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Tax Newsletter
September 2001

Education Incentives - A Broad Range of Choices

The Economic Growth and Tax Relief Reconciliation Act of 2001 (Tax Act) provides new opportunities for parents to fund future education expenses for their children. Together with existing incentives, these provisions present a broad menu of opportunities and significant planning challenges to taxpayers.

Education IRAs Education IRAs may be established to fund future education expenses. Contributions to education IRAs are nondeductible, and the earnings are not currently taxable. Distributions of income are excluded from income to the extent used for educational expenses.

The Tax Act of 2001 makes several important changes to the Education IRAs, which are effective for years 2002 through 2010:

  • The annual contribution has been increased from $500 to $2,000 per student;
  • Contributions can be made to both an Education IRA and to a qualified state tuition program in a single year (previously, these were mutually exclusive);
  • Distributions can be made for elementary, secondary and postsecondary education (previously, distributions were limited to postsecondary education);
  • Entities may contribute to Education IRA accounts.

Qualified education expenses include tuition, books, fees, supplies, and equipment; for elementary and secondary education, qualified expenses may also include tutoring, certain computer technology costs, room and board, uniforms, transportation, and services such as extended day programs as required or provided by the school.

The availability of education IRAs is phased-out based on modified adjusted gross income (beginning at $95,000 for a single person; $190,000 for married persons).

Qualified Tuition Program (QTP). Federal tax law allows states to maintain QTPs that enable persons to participate in prepaid tuition programs or utilize state-sponsored higher education savings accounts. Contributions into QTP accounts are nondeductible, but the earnings are not currently taxable. With the Tax Act of 2001, distributions made during the years 2002 through 2010 that are used for the individualís qualified education expenses are excluded from income. In addition, the Tax Act expands the QTP provisions to allow eligible private institutions to offer prepaid tuition programs (but not savings accounts).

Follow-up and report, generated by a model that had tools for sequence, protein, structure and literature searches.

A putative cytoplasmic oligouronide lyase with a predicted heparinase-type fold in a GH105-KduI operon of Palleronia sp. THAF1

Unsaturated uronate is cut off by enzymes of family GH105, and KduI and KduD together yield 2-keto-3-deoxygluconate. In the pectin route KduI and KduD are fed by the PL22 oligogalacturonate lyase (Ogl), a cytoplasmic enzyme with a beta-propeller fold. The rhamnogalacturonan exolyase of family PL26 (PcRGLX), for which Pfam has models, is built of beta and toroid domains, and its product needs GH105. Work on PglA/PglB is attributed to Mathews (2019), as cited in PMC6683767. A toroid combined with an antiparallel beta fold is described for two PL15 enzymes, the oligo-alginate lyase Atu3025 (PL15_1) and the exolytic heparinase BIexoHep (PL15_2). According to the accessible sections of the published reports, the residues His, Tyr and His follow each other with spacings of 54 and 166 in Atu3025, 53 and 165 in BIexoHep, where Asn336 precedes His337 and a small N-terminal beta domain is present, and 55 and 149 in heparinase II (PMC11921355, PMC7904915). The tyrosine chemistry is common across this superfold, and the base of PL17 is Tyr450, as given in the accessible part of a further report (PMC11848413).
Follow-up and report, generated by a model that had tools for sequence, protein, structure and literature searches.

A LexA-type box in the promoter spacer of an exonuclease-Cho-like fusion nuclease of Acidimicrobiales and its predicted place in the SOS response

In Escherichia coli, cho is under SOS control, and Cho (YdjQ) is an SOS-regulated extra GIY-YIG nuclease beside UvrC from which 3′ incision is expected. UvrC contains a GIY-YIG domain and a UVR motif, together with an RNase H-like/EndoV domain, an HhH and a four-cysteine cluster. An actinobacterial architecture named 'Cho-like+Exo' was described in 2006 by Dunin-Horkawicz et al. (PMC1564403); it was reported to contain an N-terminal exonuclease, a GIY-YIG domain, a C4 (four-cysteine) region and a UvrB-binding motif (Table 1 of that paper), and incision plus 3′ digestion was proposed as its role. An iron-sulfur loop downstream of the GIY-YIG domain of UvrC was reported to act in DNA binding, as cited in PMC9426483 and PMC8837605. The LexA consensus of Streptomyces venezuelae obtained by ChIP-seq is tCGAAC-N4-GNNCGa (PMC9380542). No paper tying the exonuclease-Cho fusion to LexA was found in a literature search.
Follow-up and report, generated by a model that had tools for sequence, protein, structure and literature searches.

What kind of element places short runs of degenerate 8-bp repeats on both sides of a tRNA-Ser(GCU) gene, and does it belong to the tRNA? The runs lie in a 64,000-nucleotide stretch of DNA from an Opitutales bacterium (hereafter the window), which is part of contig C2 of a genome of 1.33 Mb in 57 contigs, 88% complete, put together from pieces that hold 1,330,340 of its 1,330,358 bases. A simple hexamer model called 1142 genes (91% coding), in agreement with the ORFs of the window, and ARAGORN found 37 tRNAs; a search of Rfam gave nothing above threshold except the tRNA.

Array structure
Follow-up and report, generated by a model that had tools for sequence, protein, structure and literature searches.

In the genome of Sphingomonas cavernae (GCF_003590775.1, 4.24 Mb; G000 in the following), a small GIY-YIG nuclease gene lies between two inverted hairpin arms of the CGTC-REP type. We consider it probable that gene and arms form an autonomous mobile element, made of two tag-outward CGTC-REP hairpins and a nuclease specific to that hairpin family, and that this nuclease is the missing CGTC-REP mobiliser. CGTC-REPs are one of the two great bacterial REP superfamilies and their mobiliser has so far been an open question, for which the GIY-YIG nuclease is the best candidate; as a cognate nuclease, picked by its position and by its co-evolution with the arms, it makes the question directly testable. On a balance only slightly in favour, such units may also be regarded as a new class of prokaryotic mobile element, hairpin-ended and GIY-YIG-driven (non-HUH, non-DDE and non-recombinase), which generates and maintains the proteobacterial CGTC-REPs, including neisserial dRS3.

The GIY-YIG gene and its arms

While the Tax Act has expanded the scope of uses for the Education IRAs to include elementary and secondary education expenses, the QTP remains limited to postsecondary education.

Educational Assistance Programs. Educational benefits provided by an employer to an employee may be deductible by the employer and nontaxable to the employee if the benefits qualify as working condition fringe benefits (i.e., work-related education) or are provided pursuant to an educational assistance plan. Employees may exclude up to $5,250 in educational benefits annually under an employer-sponsored educational assistance plan. The Tax Act makes this provision permanent, and extends the exclusion to cover both undergraduate and graduate education. The provisions of the Tax Act are effective for courses beginning after 2001.